Okja’s performative histrionics don’t mask its muddled message

Despite being clearly an auteur work, a result of Netflix letting Snowpiercer‘s Bong-Joon Ho off-leash, Okja feels weirdly like reverse-engineered weirdness. The bare storyline is actually pretty dry, so a lot of showy performative flourish gets added to try to make it pop, but it rarely does. Jake Gyllenhaal, in particular, goes way over the top as a version of Tracy Morgan’s Brian Fellows on even more cocaine, but even Tilda Swinton gets sucked into it, trying to add any life into a dull corporate family sideplot and only succeeding in the pretty riveting opener. At its heart, Okja is about a girl and her superpig, which makes for a decently charming opening twenty minutes, where super-pig Okja is established as a caring and smart presence. But the main creature turns into a plot device rather than a character after she’s taken to New York by a Swinton’s Monsanto stand-in, and the charm of the film goes with it. The addition of the Animal Liberation Front helps insofar as Paul Dano is a lot of fun as a ski-mask wearing freedom fighter, but the movie seems to use them to push against GMO-based superfarming without offering anything approaching a nuanced critique . I’ve got nothing against giving Monsanto bad press, but Okja‘s critiques are shallow straw-man arguments, where Swinton is bad because her attempt at sustainable farming is a lovable, delicious mutant, I suppose? Pass the salt.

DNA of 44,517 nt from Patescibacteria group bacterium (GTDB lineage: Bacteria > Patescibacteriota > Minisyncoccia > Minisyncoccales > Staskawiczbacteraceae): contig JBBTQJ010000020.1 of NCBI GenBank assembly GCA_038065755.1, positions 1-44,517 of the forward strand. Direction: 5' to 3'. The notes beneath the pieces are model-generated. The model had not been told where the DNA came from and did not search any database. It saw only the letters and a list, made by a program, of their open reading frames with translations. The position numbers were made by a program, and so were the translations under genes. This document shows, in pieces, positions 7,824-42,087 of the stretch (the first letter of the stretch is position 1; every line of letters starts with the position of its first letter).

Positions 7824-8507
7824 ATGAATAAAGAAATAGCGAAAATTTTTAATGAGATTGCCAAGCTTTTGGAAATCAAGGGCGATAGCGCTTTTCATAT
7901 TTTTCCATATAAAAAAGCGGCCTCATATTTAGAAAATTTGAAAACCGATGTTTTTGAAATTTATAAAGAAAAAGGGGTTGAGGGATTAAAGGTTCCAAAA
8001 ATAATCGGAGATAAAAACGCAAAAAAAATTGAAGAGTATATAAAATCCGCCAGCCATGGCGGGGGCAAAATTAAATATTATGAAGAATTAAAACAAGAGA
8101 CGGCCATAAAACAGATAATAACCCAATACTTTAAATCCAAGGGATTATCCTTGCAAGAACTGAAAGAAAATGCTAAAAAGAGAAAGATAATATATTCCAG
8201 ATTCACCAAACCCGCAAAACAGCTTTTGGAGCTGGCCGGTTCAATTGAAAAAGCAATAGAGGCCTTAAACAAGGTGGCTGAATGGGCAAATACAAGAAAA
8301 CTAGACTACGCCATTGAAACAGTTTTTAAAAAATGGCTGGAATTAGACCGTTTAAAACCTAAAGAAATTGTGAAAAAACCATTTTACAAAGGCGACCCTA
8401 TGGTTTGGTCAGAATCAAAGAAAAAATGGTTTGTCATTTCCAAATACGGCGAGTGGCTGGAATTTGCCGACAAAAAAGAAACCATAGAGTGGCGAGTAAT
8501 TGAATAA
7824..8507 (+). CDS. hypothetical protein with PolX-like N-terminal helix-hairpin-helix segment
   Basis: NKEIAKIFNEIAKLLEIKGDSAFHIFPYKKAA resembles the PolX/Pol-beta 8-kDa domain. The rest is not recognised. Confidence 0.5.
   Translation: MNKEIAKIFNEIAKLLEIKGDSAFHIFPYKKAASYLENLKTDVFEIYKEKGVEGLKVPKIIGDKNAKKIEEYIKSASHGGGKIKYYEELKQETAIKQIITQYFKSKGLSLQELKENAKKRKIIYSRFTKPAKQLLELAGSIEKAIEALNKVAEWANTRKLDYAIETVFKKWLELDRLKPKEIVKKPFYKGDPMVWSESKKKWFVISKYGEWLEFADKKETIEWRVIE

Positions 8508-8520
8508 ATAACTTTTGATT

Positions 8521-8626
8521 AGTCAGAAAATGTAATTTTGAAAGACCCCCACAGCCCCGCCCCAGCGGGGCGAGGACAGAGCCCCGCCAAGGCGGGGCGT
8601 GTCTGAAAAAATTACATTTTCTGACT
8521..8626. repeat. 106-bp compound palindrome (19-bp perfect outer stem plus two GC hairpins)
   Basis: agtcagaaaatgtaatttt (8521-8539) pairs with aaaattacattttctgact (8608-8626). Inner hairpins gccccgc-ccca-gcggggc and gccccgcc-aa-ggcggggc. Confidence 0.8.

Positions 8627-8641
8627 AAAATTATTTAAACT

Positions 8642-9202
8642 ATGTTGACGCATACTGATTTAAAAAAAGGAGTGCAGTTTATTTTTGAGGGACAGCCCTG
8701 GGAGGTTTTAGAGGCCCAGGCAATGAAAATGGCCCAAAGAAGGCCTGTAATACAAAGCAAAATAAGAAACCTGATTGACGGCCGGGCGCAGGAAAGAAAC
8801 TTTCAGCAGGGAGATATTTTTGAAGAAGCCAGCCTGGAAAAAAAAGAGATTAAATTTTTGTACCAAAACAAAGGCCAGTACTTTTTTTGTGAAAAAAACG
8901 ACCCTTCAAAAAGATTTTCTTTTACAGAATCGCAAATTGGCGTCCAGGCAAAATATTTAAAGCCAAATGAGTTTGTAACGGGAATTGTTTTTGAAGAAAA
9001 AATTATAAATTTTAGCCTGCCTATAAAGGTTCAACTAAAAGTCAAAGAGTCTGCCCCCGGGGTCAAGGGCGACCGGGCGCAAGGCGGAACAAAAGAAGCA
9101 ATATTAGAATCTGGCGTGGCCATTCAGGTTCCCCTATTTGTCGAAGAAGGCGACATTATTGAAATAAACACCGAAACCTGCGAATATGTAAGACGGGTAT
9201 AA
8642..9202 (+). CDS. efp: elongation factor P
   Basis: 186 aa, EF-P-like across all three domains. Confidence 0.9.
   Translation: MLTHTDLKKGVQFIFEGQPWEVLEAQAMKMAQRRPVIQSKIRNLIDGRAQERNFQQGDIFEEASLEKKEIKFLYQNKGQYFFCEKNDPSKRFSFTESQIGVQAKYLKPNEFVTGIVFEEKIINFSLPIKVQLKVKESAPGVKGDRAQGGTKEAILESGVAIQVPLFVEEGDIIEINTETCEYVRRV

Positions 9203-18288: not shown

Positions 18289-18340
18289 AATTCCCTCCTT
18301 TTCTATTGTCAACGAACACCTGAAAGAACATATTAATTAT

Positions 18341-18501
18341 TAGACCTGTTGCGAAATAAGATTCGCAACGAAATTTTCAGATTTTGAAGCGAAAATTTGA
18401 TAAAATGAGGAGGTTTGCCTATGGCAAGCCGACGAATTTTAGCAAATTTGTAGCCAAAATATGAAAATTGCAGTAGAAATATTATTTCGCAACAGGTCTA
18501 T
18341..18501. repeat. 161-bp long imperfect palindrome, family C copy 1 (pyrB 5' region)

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C-

Okja (2017)
Directed by Bong-Joon Ho
Starring Seo-hyeon Ahn, Tilda Swinton, Paul Dano, and Jake Gyllenhaal
Rotten Tomatoes (86%)
On Netflix

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Okja’s performative histrionics don’t mask its muddled message

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